A Homeless Guide to the Recession

Photo of a vice squeezing a wallet shut.

Image by Steve Buissinne from Pixabay

Even though I never went to college, I managed to learn about life by growing up in the Northeast. Going with my dad and other people to auctions in New York and New Jersey showed me how to make a living no matter what the economy does.  

Even though I have experienced homelessness from time to time, I have never forgotten how to survive and find a way to earn some money to get out of homelessness. I believe homelessness starts in the mind. With a positive outlook and good health you can avoid undesirable circumstances no matter what hits you in life.  

Yes, we are in a serious financial crisis and there is doom and gloom everywhere; but, even in these bad circumstances, you can find opportunities that are profitable. I would like to illustrate some of the things I learned while I couldn’t find work or get a place to stay.  

A closed mouth never gets fed. One thing I never did was panhandle or beg for someone’s sympathy. I don’t need pity. Besides, I can do many things— I am a chef by trade, have computer and clerical skills, and know how to landscape, paint and do yards. I’d rather do something constructive than have someone give me charity because they feel sorry for me. Sometimes when I see someone with a cup, begging, I wonder why not make a sign that reads, “I am homeless but am willing to work for a small amount.” More and more people would be willing to stop and listen to you, and, furthermore, law enforcement wouldn’t be as likely to harass you.  

My philosophy is if you can do it, it is not bragging. I always tell someone I can cook, clean houses and offices, if you are willing to pay me for the work. Learning how to be flexible will always keep a dollar in your pocket and you will never have trouble finding money in these difficult times.  

Learn how to have a personality, and sell. The way I survived in New York and Philadelphia, when I was broke, was like this: I would tell someone I know how to bargain and sell merchandise. I learned how to bargain and negotiate: it was always about how much profit you can make from the product you bought. It was tough, sometimes cruel. I had people throw me out with security right behind me, but it was an education into the business world. Even though being an entrepreneur can be rough if you don’t make any money, I liked being my own boss. I didn’t have to follow orders, meet deadlines, or have looking over my shoulder someone whom I knew I had more talent than. If you make money, you really have freedom.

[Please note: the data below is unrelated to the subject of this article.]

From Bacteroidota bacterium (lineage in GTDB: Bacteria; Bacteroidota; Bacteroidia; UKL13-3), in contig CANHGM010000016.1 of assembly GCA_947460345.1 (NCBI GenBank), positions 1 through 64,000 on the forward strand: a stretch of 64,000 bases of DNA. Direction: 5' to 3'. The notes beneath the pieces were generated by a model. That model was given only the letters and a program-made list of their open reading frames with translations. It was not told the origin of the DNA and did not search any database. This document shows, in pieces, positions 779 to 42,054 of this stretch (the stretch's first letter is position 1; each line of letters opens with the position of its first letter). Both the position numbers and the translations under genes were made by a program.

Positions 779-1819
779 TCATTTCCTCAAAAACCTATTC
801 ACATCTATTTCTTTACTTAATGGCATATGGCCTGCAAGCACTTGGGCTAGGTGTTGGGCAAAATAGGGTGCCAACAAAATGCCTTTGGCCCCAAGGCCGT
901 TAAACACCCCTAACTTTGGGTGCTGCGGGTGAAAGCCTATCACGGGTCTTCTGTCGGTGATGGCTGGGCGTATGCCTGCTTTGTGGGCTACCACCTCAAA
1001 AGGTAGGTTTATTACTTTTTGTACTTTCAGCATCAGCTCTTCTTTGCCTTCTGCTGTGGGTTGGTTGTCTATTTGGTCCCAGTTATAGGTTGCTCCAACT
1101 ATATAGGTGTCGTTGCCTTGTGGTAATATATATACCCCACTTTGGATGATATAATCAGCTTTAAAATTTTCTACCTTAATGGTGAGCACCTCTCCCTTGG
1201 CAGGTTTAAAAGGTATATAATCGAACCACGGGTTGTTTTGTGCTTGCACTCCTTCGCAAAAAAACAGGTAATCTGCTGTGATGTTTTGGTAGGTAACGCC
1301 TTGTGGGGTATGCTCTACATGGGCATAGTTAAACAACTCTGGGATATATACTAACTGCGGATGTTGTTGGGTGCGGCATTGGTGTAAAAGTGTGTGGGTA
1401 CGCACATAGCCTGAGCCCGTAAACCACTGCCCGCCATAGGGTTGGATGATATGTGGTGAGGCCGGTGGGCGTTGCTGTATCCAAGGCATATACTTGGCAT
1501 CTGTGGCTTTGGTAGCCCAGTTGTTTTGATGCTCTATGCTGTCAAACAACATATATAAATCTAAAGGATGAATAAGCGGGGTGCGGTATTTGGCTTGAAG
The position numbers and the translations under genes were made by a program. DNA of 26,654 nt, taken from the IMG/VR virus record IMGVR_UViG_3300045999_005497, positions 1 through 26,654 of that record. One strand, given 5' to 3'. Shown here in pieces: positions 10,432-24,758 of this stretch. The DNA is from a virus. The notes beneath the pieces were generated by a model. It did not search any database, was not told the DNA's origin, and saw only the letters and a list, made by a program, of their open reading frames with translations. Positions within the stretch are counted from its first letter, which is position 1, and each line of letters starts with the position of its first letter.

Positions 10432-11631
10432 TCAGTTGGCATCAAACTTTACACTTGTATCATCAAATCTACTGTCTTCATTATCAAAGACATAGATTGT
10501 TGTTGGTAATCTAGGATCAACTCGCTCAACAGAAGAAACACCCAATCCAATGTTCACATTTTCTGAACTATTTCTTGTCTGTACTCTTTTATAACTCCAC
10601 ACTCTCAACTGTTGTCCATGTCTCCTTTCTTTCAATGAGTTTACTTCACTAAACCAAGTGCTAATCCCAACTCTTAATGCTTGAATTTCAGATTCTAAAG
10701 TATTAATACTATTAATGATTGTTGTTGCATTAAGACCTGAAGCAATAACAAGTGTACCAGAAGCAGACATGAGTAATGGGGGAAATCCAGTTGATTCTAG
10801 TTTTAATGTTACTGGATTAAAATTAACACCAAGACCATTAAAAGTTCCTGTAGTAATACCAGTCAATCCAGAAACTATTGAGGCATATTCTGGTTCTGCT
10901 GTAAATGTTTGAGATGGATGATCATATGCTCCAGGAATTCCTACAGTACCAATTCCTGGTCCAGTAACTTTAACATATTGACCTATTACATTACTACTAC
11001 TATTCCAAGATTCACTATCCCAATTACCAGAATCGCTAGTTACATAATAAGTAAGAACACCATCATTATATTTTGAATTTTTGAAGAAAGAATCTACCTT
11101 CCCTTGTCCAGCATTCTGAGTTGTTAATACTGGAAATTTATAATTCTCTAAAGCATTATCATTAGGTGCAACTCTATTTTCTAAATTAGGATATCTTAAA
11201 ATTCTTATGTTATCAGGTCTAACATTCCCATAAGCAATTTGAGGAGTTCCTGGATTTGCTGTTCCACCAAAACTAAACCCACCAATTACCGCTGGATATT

The East Coast, especially Delaware, southern New Jersey, and Virginia, have many flea markets where you can rent a stand for as little as 20 dollars and try your hand at selling merchandise. The beauty of flea markets is you don’t have to be like me and go to the Empire State Building (the hustler’s market) and look for products to sell. There are many things in your attic, closet or garage that you can sell. You’ll learn the ins and outs; you’ll know if your baseball cards are worth what a price book says they’re worth. You’ll find out what someone wants to buy and you’ll get wiser after someone tries to snooker you or steal something from you. You will get the basic education about being a boss. I happen to have a love for buying and selling merchandise. It is in my blood. However, some don’t have what it takes to sell things.  

Learn a trade. I agree with wealthy investors like Warren Buffet who say that “the economy doesn’t exist it is an indicator to see who is doing something foolish.” When you watch certain news shows on cable television you hear the latest wonk telling about layoffs, downturns and how many people lost their jobs. 

I always wondered, why should I feel sad? I slept on the concrete in the middle of winter in New Jersey. What is the use of complaining about getting fired? It can happen. Welcome to capitalism and democracy. When you get hired and have a boss, you are always at war with the boss. He controls your salary, your hours, and, basically, your life.  

To survive a recession you need to have a skill that is not replaceable, like carpentry, welding, or mechanics. The best skill is to be a handy man. You can name your price when you know how to build and fix things. If you are going to go back to school, learn something so that someone can’t replace you.  

If you are going to college, take a course like law enforcement, or something in the medical or finance professions. There is always a need for people who have these skills; and, you’ll find the pay is always good when you take the courses that are less glamorous than being a model or an actor. Get a driver’s license. I think one of the main reasons people go into poverty is they don’t have a driver’s license. To earn money, sometimes you must be flexible, possibly going two, or maybe even three hundred miles away for an opportunity. If you are on foot it, is nearly impossible to take advantage of job opportunities. A car can be your own personal treasure chest if you are enterprising and willing to work. My biggest regret is not keeping my car, but as of now I am working on getting my license. Maybe soon I’ll get a chance to express my real passion: traveling.  

I hope this advice will be helpful in the upcoming recession. 

Issues |Economy

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We believe ending homelessness begins with listening to the stories of those who have experienced it.